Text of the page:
Vector Space Paradox

Vector Space Paradox 1700 1700 Daniel Stuelpnagel

Integrating our art into historic residential spaces brings about a wonderful journey, part time travel, part social event, part gallery exhibition, part curatorial challenge.

I often install my paintings with visual continuity and especially in white box galleries or art fairs, or in the studio, it can get a bit cerebral and feel disconnected, maybe in a tech or sci-fi inspired context or even in the psychological realm that could be a desirable feeling.

However, through this exhibition we came to a nice site-specific balance where the space is so beautifully enhanced. And I’m still working off of the influence of Mondrian so it’s a really riveting kind of experience of time travel.

It’s also a challenge for me to find spaces where the paintings can realize their infinite potential, literally having sufficient margins for the implied space of the picture plane to continue off just far enough in all directions.

Yet maybe linking with architectural and decorative elements within the accoutrements of the interior design.

Structurally my recent works have provoked associations with things like bridges, construction cranes, steel mills and the like, certainly these kinds of rust-belt and urban devices are components of the Baltimore skyline especially around the Harbor, and other cities as well.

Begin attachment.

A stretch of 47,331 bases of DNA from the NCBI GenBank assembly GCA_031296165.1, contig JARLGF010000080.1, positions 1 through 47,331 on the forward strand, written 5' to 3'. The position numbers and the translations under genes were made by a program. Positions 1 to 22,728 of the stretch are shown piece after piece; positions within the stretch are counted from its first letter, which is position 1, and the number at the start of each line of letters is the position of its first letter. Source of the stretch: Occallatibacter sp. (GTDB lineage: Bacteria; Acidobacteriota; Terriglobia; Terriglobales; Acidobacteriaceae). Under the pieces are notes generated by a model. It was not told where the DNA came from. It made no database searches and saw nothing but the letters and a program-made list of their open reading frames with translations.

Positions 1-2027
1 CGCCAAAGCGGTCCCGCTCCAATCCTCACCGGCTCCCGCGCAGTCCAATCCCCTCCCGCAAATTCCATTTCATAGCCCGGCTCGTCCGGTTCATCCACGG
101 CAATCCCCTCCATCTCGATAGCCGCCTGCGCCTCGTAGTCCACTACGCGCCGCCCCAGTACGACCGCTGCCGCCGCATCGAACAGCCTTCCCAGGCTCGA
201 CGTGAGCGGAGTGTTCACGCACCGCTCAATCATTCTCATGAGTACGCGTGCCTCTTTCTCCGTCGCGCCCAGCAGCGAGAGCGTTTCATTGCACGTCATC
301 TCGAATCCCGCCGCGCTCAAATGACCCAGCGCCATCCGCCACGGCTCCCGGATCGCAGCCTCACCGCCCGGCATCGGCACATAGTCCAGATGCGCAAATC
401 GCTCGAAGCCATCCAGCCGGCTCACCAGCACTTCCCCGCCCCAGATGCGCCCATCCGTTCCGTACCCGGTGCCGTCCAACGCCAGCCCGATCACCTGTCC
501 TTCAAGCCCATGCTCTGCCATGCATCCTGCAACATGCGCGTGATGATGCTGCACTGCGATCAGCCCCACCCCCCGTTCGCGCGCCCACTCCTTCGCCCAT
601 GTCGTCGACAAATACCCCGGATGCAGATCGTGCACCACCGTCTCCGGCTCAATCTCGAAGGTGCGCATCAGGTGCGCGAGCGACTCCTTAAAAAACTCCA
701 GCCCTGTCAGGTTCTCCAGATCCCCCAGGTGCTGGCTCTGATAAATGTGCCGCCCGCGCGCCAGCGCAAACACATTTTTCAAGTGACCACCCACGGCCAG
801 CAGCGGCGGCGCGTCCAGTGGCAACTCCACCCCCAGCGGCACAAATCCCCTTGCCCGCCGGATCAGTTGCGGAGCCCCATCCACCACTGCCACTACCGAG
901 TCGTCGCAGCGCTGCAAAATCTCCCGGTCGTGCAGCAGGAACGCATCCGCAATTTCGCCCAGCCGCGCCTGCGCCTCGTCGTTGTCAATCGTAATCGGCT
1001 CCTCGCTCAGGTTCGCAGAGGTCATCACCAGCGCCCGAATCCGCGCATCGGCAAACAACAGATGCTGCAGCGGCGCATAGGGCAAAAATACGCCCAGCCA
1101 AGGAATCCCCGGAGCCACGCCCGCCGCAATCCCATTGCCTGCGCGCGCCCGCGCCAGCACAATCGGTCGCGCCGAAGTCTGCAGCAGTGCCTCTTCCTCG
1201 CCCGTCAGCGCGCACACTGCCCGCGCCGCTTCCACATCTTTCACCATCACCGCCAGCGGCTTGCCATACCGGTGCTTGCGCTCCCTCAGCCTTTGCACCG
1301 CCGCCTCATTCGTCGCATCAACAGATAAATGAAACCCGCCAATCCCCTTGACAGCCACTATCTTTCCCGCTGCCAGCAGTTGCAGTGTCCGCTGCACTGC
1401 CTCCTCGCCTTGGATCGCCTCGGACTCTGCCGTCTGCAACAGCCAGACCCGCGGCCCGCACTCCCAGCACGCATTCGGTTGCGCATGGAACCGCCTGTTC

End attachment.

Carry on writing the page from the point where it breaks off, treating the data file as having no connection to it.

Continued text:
Metaphorically, in the new millennium, we are all being reconstructed through our immersion in technology.

When I spend more than four or six hours a day interacting with a super-deep enterprise-level database like photoshop or facebook, I am retraining my brain’s neural network and rewriting the programming of my mind to think in a different way, updated to a technologically-influenced paradigm that paradoxically was inspired by the basic workings of our brains in the first place.

The architecture of the built environment on a large scale emulates the latest advances of the computer architecture functioning on a small scale (or perhaps transcending scale), modular, scalable, granular, nested and hierarchical in organization and functionality.

These are some of the themes I am grappling with in my latest work.




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